Emerging markets, since they have come in vogue in the late 1980s, have been the places of the new and the developing and the learning. In other words, compared to the more advanced, industrial nations of western Europe, Japan, Australia, New Zealand and North America, they have been regarded as more backward and thus riskier, albeit trying hard to improve their economies. Yet in many ways, the emerging market countries are more sophisticated than the developed market nations of the West.
From economic to fiscal policies, the emerging countries have a lot to teach the West. The question is, will the West learn from the ideas of these emerging market countries?
After the Mexican peso crisis of almost a year ago, many investors, even some of those once buoyant about the new frontiers, began to doubt the enduring soundness of these countries and the wisdom of investing in these markets. But like most stereotypes, these impressions don't fit reality.
Among the lessons these nations can teach the West are the importance of openness to foreign portfolio investment, privatizing to make products and services more competitive and to reduce government fiscal deficits and corruption, policies to lower taxes, and better financed pensions, specifically terribly underfunded social security systems.
Another issue is the growing stock-market capitalization of the emerging nations, many of which are bigger than those of many developed nations, and because of their growing populations offer better potentially long-term growth prospects.
As part of their programs to revive their poorly performing economies beginning in the 1980s, many of these emerging nations opened their stock markets to foreign portfolio investors, eliminating many restrictions on stock ownership and trading. One notable exception is Chile. A leader among these nations in free-market policies, it still has some restrictions on short-term trading by foreigners.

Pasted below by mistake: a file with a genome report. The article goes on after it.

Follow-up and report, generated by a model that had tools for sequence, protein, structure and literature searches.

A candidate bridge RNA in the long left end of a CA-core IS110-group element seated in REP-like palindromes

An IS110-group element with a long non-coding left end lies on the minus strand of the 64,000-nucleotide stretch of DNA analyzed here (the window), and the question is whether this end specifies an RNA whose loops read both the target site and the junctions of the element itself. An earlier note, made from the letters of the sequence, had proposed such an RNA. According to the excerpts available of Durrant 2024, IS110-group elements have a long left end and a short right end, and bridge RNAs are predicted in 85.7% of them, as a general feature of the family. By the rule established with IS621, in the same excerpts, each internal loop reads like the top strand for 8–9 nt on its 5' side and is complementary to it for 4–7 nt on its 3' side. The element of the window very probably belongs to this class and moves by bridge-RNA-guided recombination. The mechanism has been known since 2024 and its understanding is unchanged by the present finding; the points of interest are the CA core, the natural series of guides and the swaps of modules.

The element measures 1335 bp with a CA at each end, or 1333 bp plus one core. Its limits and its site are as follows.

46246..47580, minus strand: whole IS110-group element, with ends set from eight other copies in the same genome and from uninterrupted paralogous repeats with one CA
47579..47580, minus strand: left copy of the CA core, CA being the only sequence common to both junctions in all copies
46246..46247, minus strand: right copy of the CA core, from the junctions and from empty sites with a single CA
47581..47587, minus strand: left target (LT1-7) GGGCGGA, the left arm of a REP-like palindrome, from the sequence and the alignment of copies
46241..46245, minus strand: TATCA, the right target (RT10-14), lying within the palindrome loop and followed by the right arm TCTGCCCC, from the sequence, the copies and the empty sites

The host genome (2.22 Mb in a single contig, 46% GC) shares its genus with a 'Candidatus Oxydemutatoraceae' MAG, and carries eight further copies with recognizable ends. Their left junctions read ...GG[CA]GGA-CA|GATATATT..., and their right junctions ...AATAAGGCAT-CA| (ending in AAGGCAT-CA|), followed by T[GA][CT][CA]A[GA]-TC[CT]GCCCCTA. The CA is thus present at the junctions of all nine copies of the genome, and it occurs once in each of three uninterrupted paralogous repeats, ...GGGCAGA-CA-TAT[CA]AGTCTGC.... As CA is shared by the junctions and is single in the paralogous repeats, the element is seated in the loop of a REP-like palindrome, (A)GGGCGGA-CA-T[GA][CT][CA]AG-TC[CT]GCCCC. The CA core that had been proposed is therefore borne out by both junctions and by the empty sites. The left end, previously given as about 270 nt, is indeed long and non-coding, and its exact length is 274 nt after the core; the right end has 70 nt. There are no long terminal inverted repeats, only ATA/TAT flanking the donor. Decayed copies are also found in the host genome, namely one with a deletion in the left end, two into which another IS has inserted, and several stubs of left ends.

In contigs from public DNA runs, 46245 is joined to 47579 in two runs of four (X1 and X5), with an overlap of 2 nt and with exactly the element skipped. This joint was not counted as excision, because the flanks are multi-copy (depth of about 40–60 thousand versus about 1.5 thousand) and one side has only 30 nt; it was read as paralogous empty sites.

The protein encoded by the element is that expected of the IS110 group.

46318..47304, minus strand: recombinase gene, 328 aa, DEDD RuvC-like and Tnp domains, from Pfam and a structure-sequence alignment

Likewise, many of these nations have opened up their corporate governance process. The same cannot be said in these areas for such Western countries as Germany or Switzerland or France or Japan. These nations in various ways restrict trading or corporate governance; these nations restrict foreign portfolio trading or, through sizable holdings by banking institutions or crossholdings of other industrial corporations, give investors little voice in proxy issues.
The developed nations have been for the most part slower to embrace privatization than many of the emerging nations. In turn, many countries in Western Europe as well as Canada, among other industrial nations, continue to see burgeoning fiscal deficits. Even the United States faces a government shutdown on the principle of whether the deficit should be eliminated. Many of these developed countries still prefer high taxes as a way to finance these deficits, refusing to recognize the drain on their economies. Some German companies are shifting business overseas to avoid the stifling taxes and regulations.
Investors have understood the lingering troubles in the developed countries. As Ullrich S. Moser, president of Moser Advisors Inc., Stamford, Conn., pointed out in his Nov. 13 commentary, the MSCI EAFE index underperformed the Standard & Poor's 500 Stock Index during the past 10 years. Worse, many of these countries show little sign of getting a grip on their problems.